We all know about cyberpunk, the sub-genre of science fiction coined, not by William Gibson or Bruce Sterling, as is popularly believed, but by a man called Bruce Bethke (it was actually the word “cyberspace” that Gibson brought into common usage, while Sterling really launched the genre).
The word “punk” itself has interesting origins, both as an adjective and a verb. The adjective meant something bad or inferior, while the nouns varied from “rotten wood used as tinder” (17th century) then morphed from meaning “harlot” or “prostitute” to “homosexual” and not until the 1920s did it come to mean “a young boy, or inexperienced person.” The young criminal derivative was adopted in the 1970s for the eponymous anti-corporate, anti-authoritarian, anti-everything rock music movement.
Science fiction writer, Lawrence Person, encapsulated what cyberpunk was about this way: “Classic cyberpunk characters were marginalized, alienated loners who lived on the edge of society in generally dystopic futures where daily life was impacted by rapid technological change, an ubiquitous datasphere of computerized information, and invasive modification of the human body.”
While many of the ideas in cyberpunk are now part of our daily lives—virtual reality, and the information superhighway known as the Internet—it’s largely fallen out of favour in science fiction, though some writers do still write in that vein (check out novels like Nexus and other books in the series, by Ramez Naam; For the Win by Cory Doctorow; Ready Player One by Ernest Cline; and Nebula winner The Windup Girl by Paola Bacigalupi—a truly amazing novel.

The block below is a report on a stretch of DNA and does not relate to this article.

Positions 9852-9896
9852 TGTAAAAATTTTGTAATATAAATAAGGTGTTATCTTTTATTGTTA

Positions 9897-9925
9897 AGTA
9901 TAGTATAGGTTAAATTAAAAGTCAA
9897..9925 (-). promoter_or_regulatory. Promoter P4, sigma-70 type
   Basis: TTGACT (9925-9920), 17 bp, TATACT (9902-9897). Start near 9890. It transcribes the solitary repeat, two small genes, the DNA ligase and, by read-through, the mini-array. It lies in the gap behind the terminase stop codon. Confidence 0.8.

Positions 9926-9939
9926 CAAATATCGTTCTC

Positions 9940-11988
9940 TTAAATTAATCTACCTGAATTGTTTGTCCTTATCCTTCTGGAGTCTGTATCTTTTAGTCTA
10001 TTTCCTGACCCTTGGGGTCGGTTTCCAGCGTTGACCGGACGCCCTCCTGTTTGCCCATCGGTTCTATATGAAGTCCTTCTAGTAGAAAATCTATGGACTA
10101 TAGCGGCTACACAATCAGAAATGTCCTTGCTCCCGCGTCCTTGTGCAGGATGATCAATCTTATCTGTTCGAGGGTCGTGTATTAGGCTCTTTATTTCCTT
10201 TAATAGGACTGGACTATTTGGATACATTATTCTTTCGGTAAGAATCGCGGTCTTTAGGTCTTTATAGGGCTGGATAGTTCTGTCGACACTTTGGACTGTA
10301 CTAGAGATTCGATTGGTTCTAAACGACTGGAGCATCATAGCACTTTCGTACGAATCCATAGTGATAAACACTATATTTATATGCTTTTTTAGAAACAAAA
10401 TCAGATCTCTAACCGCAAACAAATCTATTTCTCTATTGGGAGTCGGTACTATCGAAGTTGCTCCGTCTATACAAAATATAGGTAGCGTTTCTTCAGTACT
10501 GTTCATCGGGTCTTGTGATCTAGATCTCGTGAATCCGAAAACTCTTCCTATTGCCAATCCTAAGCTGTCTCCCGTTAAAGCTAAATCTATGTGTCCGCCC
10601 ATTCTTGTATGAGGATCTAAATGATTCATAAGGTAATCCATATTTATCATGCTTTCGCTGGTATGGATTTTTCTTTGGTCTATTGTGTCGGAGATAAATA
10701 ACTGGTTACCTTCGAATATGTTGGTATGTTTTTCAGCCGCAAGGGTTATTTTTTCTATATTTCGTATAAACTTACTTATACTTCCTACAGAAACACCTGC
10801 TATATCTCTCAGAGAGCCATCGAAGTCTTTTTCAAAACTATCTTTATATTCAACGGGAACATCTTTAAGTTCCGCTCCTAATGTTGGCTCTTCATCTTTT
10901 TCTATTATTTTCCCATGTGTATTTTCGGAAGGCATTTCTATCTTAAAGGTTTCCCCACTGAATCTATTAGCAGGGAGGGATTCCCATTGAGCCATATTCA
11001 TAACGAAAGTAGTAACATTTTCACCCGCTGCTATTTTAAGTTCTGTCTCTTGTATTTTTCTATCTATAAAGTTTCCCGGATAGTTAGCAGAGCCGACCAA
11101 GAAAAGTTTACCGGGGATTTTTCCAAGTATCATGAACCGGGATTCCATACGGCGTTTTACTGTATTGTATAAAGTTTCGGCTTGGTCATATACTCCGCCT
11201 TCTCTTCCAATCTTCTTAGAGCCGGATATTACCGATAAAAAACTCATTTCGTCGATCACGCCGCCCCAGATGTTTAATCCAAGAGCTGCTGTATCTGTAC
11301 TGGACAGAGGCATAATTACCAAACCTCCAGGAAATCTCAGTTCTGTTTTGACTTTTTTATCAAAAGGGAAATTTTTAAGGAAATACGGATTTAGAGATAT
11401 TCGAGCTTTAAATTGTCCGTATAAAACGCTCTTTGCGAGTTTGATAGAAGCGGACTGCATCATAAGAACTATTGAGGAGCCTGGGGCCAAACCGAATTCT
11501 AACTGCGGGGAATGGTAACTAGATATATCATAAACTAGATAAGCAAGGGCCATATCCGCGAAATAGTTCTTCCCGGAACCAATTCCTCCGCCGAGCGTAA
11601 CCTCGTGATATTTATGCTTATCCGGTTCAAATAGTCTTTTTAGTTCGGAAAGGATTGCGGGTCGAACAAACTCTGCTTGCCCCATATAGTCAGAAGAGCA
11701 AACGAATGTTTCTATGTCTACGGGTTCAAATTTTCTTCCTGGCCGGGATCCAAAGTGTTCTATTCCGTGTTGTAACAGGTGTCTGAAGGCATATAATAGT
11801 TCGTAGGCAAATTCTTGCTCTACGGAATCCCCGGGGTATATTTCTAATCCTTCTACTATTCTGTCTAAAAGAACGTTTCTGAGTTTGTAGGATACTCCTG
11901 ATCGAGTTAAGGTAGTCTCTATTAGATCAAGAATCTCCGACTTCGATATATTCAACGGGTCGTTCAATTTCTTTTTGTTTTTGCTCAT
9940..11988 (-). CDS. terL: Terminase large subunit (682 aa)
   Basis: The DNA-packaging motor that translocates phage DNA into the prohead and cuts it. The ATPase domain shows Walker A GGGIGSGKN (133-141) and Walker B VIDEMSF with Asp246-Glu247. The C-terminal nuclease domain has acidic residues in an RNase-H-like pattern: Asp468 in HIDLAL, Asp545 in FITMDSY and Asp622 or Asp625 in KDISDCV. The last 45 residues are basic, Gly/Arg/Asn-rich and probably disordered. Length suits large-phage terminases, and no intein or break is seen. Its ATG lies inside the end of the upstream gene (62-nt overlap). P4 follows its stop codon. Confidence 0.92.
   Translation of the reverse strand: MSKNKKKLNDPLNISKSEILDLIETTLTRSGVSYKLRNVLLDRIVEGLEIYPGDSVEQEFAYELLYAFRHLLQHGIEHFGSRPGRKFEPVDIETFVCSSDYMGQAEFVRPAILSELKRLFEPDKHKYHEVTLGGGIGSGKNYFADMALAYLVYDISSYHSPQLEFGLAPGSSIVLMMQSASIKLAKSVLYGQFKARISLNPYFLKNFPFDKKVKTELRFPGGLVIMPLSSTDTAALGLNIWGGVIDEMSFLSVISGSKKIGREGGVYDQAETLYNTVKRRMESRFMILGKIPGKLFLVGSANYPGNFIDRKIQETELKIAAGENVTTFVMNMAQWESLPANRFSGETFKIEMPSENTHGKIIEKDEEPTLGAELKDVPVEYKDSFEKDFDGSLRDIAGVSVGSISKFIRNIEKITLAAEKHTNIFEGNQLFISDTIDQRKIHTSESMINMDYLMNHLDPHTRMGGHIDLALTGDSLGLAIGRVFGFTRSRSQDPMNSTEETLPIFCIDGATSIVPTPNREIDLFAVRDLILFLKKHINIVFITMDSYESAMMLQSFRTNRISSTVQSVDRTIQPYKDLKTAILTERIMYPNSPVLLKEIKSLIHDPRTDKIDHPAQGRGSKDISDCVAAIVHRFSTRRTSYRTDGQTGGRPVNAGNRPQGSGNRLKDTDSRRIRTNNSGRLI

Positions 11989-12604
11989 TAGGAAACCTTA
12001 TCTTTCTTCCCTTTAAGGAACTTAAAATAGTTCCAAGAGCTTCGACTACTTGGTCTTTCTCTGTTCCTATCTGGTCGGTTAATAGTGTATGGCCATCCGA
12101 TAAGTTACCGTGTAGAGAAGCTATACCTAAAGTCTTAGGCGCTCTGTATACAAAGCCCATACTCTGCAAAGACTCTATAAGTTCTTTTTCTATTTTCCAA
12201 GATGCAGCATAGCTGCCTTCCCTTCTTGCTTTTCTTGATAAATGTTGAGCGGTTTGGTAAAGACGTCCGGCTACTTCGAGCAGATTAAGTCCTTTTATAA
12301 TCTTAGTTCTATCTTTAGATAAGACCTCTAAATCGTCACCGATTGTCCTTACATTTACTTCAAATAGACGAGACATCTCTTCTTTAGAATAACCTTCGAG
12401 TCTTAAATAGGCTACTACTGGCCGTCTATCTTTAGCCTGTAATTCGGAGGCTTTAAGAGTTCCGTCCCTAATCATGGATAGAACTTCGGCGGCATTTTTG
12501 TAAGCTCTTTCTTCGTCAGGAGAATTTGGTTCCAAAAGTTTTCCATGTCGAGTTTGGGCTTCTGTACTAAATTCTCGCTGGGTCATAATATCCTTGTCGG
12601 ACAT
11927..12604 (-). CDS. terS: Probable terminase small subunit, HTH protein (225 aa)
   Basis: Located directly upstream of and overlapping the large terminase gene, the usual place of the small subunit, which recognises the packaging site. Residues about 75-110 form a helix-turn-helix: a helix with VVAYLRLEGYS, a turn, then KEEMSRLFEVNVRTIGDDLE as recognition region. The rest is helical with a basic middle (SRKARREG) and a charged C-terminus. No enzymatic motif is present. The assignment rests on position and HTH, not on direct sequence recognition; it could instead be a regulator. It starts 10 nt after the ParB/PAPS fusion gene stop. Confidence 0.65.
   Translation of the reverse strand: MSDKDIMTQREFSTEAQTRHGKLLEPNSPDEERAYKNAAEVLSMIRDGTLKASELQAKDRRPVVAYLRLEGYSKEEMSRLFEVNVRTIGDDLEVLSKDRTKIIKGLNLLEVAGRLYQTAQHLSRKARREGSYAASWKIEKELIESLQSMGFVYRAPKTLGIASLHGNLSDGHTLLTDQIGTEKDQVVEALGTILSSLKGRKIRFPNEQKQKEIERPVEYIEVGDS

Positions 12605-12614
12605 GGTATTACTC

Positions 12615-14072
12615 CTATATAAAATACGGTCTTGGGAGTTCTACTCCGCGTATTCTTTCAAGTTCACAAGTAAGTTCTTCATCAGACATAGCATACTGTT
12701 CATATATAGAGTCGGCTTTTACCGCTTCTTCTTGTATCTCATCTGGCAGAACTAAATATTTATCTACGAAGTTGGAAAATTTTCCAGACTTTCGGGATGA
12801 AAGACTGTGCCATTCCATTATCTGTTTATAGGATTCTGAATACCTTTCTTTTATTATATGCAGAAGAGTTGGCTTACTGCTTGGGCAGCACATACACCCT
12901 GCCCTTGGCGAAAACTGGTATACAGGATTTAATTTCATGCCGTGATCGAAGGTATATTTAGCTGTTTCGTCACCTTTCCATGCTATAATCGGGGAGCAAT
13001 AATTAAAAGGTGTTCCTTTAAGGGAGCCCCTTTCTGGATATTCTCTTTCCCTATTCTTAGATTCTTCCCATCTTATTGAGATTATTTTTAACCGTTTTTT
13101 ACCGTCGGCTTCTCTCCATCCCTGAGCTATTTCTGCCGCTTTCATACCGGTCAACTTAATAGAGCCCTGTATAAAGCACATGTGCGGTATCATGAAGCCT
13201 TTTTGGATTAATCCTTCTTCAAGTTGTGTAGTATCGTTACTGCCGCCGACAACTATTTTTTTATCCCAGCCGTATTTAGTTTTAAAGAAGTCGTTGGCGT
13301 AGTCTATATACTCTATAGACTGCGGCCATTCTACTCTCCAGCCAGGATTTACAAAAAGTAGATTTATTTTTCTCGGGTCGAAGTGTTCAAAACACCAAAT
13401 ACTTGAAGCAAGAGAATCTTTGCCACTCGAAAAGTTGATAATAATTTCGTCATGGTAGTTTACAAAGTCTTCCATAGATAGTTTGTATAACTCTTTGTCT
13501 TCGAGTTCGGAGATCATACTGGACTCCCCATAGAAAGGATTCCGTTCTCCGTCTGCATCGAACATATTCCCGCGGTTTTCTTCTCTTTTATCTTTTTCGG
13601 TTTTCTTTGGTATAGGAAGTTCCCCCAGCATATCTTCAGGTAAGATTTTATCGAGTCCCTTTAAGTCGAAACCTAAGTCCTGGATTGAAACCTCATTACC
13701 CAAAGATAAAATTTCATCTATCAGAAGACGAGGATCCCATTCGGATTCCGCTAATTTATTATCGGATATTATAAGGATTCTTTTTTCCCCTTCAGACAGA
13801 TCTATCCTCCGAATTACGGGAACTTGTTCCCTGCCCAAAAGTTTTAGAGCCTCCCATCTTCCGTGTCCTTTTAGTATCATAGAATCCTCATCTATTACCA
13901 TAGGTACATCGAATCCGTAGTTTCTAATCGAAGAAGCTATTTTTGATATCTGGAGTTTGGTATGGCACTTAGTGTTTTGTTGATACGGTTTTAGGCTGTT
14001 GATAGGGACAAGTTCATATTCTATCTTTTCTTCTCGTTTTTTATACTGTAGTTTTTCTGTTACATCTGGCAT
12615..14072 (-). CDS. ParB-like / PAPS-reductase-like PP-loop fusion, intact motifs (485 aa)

This lengthy exposition is simply by way of introduction to a series of blogs I’m planning in which the word “punk” has been bolted on to other words to create a bewildering range of genre derivatives, or subsets, of science fiction, fantasy and horror, steampunk being the most significant and popular of these today. Steampunk, as I’m sure you all know, is “a subgenre of speculative fiction, usually set in an anachronistic Victorian or quasi-Victorian alternate history setting (Urban Dictionary) and typically features steam-powered machinery rather than advanced technology. Its nearest relative is dieselpunk, arguably slightly grittier in tone, with an Art Deco feel. Both of these genres have spawned fashion trends, artworks, music, films and rabid fan bases.
The other big genre that arrived close on the heels of cyberpunk was splatterpunk. Author David J. Schow came up with that term at a World Fantasy Convention, to describe a subgenre distinguished by its graphic, often gory, depiction of violence.
Believe it or not, there exist also a host of sub-sub genres, too, many of which I’d never heard of. See if any of these mean anything to you.
- Elfpunk (seriously!)
And, my personal favourite: Nowpunk. Coined by Bruce Sterling, naturally, which he applied to contemporary fiction set in the time period in which the fiction is being published—in other words, all contemporary fiction! He used it when describing his book The Zenith Angle, which follows the story of a hacker whose life is changed by the September 11th, 2001 attacks.
There are riches to be mined for articles on any or all of these derivates, and I will try my level best to bring you more on the topic(s) in the future. Or the retro future, if you prefer.